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Dispersion of Johnson's Camp. Capture of Stores and other Valuables. View and Description of the Oriskany Battle-ground.

had been sent to oppose the approach of Herkimer. The advanced guard, unable to withstand the impetuosity of the attack, were driven in ; and so suddenly was Sir John's camp assailed, that he was not allowed time to put on his coat. He endeavored to bring his troops into order, but they fled in dismay. The Indian encampment was then assaulted, and in a few moments the savages, too, were scattered. Sir John and his troops fled across the river, to the temporary camp of St. Leger, and the Indians buried themselves in the deep forest near. No less than twenty-one wagon-loads of spoil, consisting of clothing, blankets, stores, camp equipage, five British standards, the baggage of Sir John, with all his papers, and those of other officers, containing every kind of information necessary to the garrison, were captured. Having secured their prize, Willett and his party returned to the fort without the loss of a man. The five British colors were raised in full view of the enemy, upon the flag-staff, beneath the uncouth American standard, and the whole garrison, mounting the parapets, made the forest ring with three loud cheers. This chivalrous exploit was duly noticed by Congress, and an elegant sword was presented to Colonel Willett in the name of the United States. General Herkimer, in the mean while, had moved from the mills, at the mouth of Oriskany Creek, toward the fort, entirely unconscious of the ambuscade that, in a deep ravine two miles distant, awaited his approach. The morning was dark, sultry, and lowering. His troops, composed chiefly of the militia regiments of Colonels Cox, Paris, Visscher, and Klock, were quite undisciplined, and their order of march was irregular and without precaution. The contentions of the morning had delayed their advance until about nine o'clock, and the hard feelings that existed between the commander and some of his officers caused a degree of insubordination which proved fatal in its consequences. Brant and his Tory asso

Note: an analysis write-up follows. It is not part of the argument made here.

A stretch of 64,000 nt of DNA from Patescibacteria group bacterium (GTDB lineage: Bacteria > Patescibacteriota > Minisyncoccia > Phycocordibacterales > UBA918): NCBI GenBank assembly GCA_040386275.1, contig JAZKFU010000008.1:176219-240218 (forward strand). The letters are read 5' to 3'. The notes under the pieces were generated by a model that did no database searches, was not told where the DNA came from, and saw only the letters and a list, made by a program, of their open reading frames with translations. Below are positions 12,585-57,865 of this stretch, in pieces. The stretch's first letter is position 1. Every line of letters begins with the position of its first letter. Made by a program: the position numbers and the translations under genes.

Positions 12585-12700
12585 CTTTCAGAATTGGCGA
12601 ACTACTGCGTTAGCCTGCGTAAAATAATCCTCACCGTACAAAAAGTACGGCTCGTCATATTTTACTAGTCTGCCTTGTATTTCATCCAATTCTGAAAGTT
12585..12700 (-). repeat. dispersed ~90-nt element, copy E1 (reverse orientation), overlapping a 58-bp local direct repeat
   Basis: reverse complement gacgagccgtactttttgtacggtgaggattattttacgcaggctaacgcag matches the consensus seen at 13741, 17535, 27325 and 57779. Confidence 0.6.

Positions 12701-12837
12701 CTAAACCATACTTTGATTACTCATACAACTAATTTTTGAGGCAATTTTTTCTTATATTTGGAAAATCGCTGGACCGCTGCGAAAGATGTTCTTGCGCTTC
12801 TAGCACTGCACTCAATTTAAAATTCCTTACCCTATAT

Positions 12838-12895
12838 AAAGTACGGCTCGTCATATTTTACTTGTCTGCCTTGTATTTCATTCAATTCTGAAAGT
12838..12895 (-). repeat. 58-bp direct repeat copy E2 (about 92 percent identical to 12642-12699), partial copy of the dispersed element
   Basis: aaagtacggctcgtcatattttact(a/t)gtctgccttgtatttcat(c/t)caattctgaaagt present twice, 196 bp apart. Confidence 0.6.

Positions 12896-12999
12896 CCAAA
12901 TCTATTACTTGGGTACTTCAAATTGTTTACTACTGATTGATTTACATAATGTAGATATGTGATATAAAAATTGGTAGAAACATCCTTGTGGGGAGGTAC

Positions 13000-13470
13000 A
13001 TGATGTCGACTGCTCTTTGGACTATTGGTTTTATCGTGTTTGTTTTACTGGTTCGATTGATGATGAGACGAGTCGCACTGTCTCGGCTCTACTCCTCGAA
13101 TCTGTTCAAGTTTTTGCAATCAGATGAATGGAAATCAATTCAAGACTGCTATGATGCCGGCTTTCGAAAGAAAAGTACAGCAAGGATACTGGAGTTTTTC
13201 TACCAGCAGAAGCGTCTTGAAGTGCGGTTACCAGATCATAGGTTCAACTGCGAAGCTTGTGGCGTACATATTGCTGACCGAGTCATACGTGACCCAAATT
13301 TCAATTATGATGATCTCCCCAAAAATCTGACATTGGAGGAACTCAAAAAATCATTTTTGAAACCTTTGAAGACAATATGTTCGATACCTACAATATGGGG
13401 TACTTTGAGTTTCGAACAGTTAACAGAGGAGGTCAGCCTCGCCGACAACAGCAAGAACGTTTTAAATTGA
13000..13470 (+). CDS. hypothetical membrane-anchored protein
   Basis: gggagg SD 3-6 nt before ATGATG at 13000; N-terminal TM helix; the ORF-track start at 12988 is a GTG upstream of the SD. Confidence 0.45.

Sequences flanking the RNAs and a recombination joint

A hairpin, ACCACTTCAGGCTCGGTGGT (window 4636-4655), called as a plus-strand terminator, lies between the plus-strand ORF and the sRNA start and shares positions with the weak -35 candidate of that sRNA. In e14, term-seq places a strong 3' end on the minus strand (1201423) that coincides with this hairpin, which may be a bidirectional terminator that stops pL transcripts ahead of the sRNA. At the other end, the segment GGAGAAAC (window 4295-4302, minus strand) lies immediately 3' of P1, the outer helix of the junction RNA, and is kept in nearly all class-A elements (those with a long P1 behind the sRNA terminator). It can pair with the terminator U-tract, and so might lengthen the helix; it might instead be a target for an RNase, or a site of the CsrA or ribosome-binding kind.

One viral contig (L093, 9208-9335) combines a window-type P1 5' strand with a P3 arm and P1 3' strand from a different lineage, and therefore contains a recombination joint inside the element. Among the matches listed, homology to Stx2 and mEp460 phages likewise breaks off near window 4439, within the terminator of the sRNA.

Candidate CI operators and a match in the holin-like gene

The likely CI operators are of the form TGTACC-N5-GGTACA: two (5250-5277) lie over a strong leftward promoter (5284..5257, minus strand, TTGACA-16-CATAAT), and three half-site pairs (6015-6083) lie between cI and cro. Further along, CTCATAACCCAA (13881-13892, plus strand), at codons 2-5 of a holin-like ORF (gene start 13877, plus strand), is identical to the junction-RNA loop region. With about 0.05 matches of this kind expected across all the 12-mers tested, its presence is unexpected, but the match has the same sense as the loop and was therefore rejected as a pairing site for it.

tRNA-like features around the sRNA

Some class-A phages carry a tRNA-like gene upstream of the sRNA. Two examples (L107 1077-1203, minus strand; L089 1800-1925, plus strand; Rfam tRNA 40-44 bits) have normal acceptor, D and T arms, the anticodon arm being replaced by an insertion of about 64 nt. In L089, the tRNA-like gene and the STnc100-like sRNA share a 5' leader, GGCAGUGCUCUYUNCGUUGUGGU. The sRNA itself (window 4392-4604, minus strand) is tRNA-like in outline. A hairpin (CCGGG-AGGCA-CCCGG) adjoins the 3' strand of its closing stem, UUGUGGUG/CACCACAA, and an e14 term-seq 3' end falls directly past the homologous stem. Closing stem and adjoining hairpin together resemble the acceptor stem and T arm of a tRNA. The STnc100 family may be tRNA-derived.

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* This sketch was made from the eastern side of the ravine, looking west. The marsh in the bottom of the ravine, mentioned in the text, is partially drained by a rivulet. When I visited the spot (August, 1848), many logs of the old causeway were still visible, and afforded a crossing-place for cattle. These logs are seen in the picture. The road on the left is the present highway between Oriskany and Rome. The barn stands upon the western side of the ravine, and along the high ground upon which it is situated, and crossing the road southeasterly, the ambush was placed. The hottest of the battle occurred upon the high plain between the ravine in the foreground and another beyond the most distant trees in the picture. The hills seen in the extreme distance, on the right, are those upon the north side of the Mohawk. The frame-work in the ravine is the remains of the scaffolding erected for the speakers at the celebration alluded to, in 1844. The chief speakers on the occasion were John A. Dix and Senator Dickinson, and the audi

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Indian Ambush. Surprise of Herkimer and his Troops. The General wounded. His Coolness. Desperate Battle.